The Paris court rejected Samsung’s request for an emergency order against Apple while it considers the South Korean company’s patent-infringement claims.
Samsung, the biggest maker of smartphones, sought to block sales of the new handset in France, Italy and the U.K. days after it was unveiled in October, arguing Apple violated its wireless-communications patents. Suwon, South Korea-based Samsung sued in Paris in July over earlier versions of the iPhone and Apple’s iPad tablet.
“The disproportionate character of the ban sought by Samsung against Apple is clear,” Judge Marie-Christine Courboulay said in the decision today.
The Paris court ruled Samsung must pay Apple 100,000 euros ($134,100) for legal fees while denying Apple’s request for damages. Samsung’s claim wasn’t “abusive” and the company’s infringement claims can move forward as a regular lawsuit, Courboulay said.
Florence Catel, a Samsung spokeswoman in Paris, declined to comment on the decision. Calls to Apple’s office in London for comment weren’t immediately returned.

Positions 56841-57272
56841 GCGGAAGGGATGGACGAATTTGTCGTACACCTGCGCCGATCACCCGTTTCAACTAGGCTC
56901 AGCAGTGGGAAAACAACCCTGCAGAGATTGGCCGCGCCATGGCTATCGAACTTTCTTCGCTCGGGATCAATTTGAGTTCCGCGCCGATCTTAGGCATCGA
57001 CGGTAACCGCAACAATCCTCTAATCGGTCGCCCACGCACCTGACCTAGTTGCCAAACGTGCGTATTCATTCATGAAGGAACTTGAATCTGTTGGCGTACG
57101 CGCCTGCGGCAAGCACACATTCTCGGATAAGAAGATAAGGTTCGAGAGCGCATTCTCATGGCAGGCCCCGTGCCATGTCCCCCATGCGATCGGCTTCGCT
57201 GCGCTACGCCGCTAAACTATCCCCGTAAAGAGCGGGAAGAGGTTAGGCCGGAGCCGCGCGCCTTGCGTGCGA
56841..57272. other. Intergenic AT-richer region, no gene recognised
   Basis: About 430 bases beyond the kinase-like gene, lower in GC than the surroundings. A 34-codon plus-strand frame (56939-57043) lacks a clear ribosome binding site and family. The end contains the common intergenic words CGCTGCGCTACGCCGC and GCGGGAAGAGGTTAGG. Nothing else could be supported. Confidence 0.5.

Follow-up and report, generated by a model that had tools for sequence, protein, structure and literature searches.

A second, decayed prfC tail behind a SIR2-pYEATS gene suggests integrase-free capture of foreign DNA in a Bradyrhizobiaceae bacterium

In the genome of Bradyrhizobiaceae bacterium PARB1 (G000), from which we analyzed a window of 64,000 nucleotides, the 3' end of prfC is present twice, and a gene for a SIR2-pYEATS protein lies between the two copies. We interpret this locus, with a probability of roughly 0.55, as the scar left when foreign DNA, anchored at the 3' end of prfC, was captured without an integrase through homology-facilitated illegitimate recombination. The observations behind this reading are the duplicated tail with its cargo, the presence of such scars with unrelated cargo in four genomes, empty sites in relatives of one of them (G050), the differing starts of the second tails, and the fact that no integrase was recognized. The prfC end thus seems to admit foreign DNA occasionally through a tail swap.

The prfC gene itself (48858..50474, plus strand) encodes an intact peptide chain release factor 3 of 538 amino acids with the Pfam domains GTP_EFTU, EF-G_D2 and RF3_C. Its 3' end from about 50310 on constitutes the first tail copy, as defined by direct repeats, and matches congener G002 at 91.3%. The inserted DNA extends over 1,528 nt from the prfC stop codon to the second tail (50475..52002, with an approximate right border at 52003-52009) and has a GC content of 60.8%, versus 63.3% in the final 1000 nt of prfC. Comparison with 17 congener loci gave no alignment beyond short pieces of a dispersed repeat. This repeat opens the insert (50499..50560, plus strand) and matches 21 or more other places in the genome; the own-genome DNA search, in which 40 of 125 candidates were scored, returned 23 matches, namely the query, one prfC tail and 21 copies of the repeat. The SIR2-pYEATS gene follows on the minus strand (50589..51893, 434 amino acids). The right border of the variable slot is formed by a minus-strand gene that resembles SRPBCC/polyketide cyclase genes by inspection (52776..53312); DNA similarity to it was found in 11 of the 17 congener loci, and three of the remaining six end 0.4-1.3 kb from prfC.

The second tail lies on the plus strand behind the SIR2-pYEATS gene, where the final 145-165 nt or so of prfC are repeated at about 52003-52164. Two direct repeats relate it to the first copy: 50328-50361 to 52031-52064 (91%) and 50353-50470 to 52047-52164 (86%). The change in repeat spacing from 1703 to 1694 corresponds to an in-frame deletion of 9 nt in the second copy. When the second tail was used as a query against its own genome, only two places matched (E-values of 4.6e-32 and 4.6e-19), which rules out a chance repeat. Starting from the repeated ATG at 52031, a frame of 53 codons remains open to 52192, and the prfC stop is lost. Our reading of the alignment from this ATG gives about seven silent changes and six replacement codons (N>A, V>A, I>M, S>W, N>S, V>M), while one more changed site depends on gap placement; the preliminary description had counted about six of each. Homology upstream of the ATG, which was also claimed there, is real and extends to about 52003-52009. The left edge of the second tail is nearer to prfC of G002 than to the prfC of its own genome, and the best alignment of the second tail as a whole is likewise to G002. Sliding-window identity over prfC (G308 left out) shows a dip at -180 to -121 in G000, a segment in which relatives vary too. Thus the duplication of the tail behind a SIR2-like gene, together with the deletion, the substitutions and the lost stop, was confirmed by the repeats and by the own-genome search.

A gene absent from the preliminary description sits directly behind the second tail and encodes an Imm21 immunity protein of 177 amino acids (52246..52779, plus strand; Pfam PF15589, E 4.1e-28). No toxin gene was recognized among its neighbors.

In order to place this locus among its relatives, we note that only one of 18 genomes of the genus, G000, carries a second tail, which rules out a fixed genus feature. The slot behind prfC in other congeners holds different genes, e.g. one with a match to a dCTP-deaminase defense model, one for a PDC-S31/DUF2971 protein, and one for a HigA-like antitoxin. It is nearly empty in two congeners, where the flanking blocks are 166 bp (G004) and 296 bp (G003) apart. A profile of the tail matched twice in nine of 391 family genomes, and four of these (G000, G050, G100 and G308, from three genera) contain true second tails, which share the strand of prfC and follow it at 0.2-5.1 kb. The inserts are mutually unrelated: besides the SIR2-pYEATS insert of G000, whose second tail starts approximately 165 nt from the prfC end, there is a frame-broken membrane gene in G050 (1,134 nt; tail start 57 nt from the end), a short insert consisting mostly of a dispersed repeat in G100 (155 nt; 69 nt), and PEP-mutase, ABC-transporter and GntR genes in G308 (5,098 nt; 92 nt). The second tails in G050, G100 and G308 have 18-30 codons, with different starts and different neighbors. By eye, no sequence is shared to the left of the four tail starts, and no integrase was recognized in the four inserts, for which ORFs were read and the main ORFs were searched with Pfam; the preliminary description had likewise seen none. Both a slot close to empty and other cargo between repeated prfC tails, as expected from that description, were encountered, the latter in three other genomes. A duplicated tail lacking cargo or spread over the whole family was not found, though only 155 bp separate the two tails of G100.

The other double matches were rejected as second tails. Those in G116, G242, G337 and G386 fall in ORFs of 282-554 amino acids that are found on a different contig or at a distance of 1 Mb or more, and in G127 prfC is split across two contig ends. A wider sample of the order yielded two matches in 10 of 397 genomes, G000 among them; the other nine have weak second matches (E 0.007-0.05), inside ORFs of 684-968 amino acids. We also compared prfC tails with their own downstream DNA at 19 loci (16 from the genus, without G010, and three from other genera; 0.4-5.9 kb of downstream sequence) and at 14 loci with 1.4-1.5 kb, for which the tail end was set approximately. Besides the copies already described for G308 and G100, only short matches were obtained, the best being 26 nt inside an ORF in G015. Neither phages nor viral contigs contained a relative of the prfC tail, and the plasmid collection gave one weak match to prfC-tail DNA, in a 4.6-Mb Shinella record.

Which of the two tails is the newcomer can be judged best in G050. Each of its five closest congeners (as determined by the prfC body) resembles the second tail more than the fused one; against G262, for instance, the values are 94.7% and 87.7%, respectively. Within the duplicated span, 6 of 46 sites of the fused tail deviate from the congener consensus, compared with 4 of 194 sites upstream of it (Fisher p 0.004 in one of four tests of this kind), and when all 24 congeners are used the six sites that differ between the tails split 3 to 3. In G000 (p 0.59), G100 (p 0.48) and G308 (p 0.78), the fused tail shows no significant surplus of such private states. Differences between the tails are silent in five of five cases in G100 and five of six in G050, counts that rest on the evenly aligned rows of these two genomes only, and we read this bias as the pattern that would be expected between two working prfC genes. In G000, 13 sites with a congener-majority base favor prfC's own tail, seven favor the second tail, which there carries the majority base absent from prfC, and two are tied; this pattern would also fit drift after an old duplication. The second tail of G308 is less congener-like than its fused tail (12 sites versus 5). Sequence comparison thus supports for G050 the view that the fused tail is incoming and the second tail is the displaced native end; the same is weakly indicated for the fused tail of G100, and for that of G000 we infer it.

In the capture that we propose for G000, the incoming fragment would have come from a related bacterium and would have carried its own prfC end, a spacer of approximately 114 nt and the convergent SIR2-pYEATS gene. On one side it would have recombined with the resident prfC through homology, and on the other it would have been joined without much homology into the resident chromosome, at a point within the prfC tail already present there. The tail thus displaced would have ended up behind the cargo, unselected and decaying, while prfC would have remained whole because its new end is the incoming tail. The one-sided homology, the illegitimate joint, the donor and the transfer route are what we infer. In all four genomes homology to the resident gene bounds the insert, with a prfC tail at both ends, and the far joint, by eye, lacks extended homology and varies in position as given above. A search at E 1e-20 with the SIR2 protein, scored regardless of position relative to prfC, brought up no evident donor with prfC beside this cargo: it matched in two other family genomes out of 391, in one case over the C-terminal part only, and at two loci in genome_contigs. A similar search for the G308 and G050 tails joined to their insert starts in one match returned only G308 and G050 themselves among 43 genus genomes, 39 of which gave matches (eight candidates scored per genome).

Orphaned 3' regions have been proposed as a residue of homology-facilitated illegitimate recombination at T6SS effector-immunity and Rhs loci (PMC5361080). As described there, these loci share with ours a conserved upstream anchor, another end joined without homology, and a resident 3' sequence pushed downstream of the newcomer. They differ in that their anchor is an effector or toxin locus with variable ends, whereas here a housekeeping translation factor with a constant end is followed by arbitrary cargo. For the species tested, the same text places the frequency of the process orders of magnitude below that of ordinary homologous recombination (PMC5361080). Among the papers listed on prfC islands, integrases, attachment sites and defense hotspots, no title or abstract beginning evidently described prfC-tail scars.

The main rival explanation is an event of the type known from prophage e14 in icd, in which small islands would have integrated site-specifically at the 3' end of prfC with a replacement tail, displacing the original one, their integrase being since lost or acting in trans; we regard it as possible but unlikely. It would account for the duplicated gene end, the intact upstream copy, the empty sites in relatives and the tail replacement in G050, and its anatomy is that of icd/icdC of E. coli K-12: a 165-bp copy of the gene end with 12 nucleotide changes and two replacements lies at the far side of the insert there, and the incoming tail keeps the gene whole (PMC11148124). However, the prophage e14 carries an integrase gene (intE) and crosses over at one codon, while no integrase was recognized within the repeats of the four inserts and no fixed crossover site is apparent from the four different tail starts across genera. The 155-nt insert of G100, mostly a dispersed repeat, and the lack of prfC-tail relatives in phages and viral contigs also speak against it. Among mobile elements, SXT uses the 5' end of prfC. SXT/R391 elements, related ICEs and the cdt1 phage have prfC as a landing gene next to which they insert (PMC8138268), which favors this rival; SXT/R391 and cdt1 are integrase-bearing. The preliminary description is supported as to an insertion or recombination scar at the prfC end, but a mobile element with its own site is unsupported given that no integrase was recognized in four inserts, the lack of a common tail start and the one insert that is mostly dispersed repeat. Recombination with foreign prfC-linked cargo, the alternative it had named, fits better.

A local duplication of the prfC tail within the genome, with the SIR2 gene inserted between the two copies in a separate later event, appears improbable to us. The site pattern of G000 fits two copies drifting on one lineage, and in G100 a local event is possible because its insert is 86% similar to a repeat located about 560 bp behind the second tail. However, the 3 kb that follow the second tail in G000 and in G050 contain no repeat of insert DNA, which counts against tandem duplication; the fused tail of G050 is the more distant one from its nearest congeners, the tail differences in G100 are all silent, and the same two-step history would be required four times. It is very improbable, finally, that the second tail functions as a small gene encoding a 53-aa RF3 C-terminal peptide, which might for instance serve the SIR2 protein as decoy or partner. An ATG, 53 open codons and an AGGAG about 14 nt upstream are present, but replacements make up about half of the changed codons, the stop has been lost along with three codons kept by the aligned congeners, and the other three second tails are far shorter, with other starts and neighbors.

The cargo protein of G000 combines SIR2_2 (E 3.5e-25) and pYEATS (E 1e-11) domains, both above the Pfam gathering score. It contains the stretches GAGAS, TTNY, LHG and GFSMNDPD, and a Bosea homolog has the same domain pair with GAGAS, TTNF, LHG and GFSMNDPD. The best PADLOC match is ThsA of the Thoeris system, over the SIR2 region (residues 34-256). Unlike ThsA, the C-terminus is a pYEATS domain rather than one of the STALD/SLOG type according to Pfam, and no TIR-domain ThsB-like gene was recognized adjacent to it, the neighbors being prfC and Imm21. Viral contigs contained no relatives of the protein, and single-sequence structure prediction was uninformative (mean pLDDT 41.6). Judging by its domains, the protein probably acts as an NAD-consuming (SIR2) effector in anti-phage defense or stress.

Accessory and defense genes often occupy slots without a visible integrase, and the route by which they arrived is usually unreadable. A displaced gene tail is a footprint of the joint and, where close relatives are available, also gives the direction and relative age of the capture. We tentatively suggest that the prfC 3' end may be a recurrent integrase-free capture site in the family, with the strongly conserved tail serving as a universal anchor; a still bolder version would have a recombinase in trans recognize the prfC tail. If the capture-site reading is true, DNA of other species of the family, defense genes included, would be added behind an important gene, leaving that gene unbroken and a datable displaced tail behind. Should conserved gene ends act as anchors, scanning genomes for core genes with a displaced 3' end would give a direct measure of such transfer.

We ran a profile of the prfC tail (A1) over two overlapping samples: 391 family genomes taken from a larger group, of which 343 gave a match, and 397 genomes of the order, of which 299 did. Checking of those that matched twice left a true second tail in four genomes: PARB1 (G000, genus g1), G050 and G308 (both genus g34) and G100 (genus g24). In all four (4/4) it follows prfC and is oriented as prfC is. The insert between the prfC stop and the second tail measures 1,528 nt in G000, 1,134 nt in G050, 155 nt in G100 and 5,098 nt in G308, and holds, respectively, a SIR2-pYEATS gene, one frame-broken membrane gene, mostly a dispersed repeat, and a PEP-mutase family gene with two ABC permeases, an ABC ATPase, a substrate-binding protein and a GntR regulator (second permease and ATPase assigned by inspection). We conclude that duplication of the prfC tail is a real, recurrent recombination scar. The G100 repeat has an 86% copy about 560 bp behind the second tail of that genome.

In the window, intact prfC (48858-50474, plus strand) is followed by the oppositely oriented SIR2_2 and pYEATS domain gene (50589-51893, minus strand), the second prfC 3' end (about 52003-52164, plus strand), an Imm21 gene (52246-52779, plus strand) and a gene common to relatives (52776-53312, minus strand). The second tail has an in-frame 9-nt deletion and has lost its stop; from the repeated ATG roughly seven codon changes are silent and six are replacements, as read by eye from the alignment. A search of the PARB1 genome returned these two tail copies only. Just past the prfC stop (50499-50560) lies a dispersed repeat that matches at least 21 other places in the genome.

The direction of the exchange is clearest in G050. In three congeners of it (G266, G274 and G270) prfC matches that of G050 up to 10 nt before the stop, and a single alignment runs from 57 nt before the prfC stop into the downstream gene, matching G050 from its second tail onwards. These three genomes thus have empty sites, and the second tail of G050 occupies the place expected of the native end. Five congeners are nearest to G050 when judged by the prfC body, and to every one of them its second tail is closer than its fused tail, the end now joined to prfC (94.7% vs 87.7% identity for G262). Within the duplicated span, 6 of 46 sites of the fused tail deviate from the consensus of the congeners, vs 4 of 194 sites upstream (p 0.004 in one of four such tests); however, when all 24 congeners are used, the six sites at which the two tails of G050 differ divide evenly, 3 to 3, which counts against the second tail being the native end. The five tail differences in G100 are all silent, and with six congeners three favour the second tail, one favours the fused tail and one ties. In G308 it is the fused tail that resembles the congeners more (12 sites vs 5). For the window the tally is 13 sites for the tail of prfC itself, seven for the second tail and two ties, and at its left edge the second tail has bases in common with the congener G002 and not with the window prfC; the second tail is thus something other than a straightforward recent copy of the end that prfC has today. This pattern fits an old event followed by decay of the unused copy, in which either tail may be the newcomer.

Samsung has been locked in a global legal battle with Apple since the Cupertino, California-based company claimed in an April suit that Samsung’s Galaxy devices copied the iPad and iPhone. Samsung was the world’s biggest maker of smartphones in the last quarter, while Apple dominates the tablet market.
The companies have filed at least 30 lawsuits in 10 countries and European Union regulators have started an antitrust probe of the companies’ use of smartphone patents.
A Milan court will hold a hearing Dec. 16 concerning Samsung’s Italian suit. Samsung won a Dec. 3 decision in California, when the U.S. District Court in San Jose rejected Apple’s request to block Samsung’s 4G smartphone and its Galaxy 10.1 tablet computer.
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